Junk to joy

Junk to joy

It could have been the same old story around the harbour in the German town of Dusseldorf where River Rhine is at its curvaceous best. Metalworks, fat pipelines, smoke-gushing chimneys. All those outmoded factories which lost out to the digital generation and fell off the industrial map, left desolate to rot.

The neighbourhood around the once-busy harbour, where barges would vie to berth in dozens at a time to pour out coal and supplies from their bellies, and the buzz of activity would keep humming late into the night, they all fell silent. As with many such neighbourhoods in many cities around the world with a similar fate, gloom would settle in, and from its dark cracks would germinate the evils of desperation and crime.

But that wasn't to be.

The factories did close down. And warehouses abandoned. But the harbour by the Rhine in Dusseldorf bounced back. Thanks to the inventiveness of its town planners and the architects - some of them world-renowned, who stamped their genius to create a space to marvel at.

The whole area, rechristened as Medienhafen (Media Harbour), is now a bustling commercial hub, a major attraction for the tourists, and a funky place to be at  for the locals. And that's not all. The initiative more than compensated for the jobs lost from the closure of traditional factories by creating new jobs.

A good 8,000-plus of them. I found the area abuzz with people. People who work in one or the other of the establishments around - of cutting-edge technology and media and entertainment. People who throng the cafes and bars, and plenty of those like me who come just to be there to regale amid the artistic splendour of architecture and the breezy riverfront. The Rhine, after all, has indeed swerved north in a U-turn in the literal sense at the harbour, and Medienhafen did precisely so to the neighbourhood, figuratively.

It all started in the early 1980s. By the late-90s, it got the boost when the Canada-born American architect Frank O Gehry stepped into the ambitious project of Der Neue Zollhof (The New Zollhof), by the riverfront at the eastern end of the harbour.

Gehry was already a celebrity for his designs of the Dancing House in Prague and the Guggenheim Museum in Bilbao. This time, he set out on an encore of what he accomplished in Bilbao in Spain, known to architects and town planners across the globe as Bilbao Effect - to metamorphose a rundown area of a city in economic decline to spectacular financial prosperity and prestige.

For Dusseldorf, Gehry let his creative genius take yet another flight of fancy. Gehry set up three buildings, side by side, which are as similar and yet as contrasting from one another. Each building has its own curves and leanings and façade cladding. Of the two buildings on either side, one has white plaster on the outside and the other red brick. The middle one has curves like vertical waves jutting out of the building, and its entire façade is made of stainless steel. This acts like a wavy mirror reflecting the two buildings on either side, creating an illusion of continuity running between the three. The Gehry Buildings, as they are popularly known, house the Rheinhafen Centre of Arts and Media. New economy ringing in.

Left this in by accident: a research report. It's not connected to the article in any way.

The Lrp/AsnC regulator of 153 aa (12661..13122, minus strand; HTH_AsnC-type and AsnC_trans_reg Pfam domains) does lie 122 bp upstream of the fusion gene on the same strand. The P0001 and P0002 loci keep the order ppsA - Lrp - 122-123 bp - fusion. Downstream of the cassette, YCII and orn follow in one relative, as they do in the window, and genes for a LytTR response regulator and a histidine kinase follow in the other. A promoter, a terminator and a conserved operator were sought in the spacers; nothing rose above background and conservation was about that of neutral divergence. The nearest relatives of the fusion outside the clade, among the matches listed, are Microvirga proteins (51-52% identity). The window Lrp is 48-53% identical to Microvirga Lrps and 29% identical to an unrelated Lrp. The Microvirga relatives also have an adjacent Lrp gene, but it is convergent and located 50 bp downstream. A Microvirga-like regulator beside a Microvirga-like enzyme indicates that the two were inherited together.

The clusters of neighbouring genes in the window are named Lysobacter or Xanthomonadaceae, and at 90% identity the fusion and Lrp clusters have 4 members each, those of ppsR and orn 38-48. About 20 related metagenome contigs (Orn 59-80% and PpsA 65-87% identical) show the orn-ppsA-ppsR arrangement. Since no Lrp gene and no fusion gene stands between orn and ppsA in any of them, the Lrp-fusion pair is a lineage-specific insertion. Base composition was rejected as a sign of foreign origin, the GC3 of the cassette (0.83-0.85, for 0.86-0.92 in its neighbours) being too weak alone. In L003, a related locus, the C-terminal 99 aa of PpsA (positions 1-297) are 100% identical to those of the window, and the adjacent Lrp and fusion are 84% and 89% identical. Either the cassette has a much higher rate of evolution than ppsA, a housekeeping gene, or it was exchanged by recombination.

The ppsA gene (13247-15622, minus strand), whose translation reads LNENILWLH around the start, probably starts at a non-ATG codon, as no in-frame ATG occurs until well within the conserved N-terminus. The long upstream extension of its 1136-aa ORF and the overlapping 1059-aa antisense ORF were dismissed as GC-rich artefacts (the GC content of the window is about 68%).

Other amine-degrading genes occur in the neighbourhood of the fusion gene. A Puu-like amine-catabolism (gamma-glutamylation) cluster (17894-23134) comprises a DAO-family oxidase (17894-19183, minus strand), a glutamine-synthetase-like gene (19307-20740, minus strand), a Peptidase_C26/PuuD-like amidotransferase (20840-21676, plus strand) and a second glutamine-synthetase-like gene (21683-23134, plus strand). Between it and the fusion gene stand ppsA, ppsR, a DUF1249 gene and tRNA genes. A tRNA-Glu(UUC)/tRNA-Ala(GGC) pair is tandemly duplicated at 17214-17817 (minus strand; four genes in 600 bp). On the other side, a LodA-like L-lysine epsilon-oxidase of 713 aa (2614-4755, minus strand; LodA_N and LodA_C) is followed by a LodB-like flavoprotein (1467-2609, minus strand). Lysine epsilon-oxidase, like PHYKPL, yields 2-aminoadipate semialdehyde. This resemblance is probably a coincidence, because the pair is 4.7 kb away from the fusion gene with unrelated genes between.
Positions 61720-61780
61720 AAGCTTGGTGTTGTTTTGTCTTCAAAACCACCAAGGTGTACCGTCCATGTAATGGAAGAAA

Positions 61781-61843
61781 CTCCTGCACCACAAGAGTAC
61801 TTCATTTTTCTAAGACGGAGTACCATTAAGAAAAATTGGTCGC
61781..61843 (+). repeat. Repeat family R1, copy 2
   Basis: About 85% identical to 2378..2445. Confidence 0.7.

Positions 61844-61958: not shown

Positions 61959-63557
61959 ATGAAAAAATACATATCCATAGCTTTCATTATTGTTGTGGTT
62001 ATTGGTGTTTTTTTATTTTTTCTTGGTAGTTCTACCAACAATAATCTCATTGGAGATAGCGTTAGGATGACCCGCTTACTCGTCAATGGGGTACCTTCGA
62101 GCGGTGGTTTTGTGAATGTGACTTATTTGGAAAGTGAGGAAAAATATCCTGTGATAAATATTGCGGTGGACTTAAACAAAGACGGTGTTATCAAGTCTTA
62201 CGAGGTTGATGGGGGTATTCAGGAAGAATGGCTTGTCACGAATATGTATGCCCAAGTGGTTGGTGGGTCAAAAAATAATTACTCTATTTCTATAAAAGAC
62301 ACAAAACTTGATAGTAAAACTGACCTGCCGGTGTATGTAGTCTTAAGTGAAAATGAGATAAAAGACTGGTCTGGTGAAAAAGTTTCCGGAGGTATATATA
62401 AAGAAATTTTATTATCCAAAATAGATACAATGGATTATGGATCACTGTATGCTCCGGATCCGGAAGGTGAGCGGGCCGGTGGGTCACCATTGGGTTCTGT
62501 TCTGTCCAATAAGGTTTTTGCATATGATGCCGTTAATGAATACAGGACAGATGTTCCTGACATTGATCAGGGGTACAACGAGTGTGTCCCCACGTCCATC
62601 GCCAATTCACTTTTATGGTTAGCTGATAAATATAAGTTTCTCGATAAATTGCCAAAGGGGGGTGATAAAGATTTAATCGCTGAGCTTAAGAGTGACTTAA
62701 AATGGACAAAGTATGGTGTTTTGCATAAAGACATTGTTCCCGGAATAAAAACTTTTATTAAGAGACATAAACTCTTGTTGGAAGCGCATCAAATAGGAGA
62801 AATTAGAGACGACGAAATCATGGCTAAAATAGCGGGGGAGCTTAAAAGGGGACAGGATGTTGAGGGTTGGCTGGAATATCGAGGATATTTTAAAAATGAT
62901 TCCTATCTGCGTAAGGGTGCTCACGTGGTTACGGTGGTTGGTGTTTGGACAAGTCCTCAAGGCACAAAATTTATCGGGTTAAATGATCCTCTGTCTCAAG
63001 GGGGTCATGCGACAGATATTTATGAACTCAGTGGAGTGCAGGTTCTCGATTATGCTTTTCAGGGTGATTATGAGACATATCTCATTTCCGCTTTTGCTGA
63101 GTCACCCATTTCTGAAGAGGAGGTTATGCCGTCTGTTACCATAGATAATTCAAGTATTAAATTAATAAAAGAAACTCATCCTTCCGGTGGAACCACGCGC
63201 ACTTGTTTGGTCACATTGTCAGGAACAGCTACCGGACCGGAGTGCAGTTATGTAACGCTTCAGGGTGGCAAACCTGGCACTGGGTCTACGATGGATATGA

The Medienhafen (Media Harbour) is indeed a feast for the eyes with its assortment of post-modern architecture. Take the Haus vor dem Wind (House in Front of the Wind) for one, with its curved glass façade, like a sail filled with wind, about to drift into the rippling Rhine. Or take the Colorium, for instance, of the British architect and urban planner William Alsop, who uses colour to create a dialogue between his works and their surroundings. Its colourful glass panes make Colorium an  18-storeyed crayon box.

By the Rhine

Fun is a recurring connotation in the scheme of things at Medienhafen, its manifestation cutting across different architects from diverse places, not just Frank O Gehry or William Alsop, not just German architects who have marked their footprints here. Sometimes, fun is understated, wrapped under the overwhelming distinctiveness of architecture, as in the Gehry Buildings. Elsewhere, it is out in the open, and I got a taste of it sooner than I expected in Roggendorf-Haus.

I walked across the Living Bridge - a pedestrian bridge which joins two sides of Dusseldorf Harbour. To my left and across is the Roggendorf-Haus. This was once a warehouse and in 2001, was renovated into a modern office building. But what makes this rather commonplace building extraordinary are the 29 bright plastic sculptures, the Flossis, of the German sculptor, painter and stage designer, Gudrun Müller, who for herself chose to be known as Rosalie. Rosalie's Flossis climb the walls, much like a platoon of spider-men. Bringing art, theatre and architecture in a harmonious confluence, making it impossible not to notice the Flossi-Haus, as it is endearingly referred to by the locals.

A barge lumbered along the Rhine. Yonder, a speedboat whooshed by, leaving a trail of foam on the drowsy water lazing under the afternoon sun. In the inlet of the harbour, a taskmaster of a coach was pushing a women coxed four team to row faster.

The sun, now quite reclined, reflected from the glass facia of the revolving restaurant atop the 1,100-feet-high Rhine Tower. It was time to settle down in one of the numerous eateries lining the riverfront with a drink, and linger till the night sky turned deep, and the waiter lured with the catch of the day. Fresh from the Rhine.

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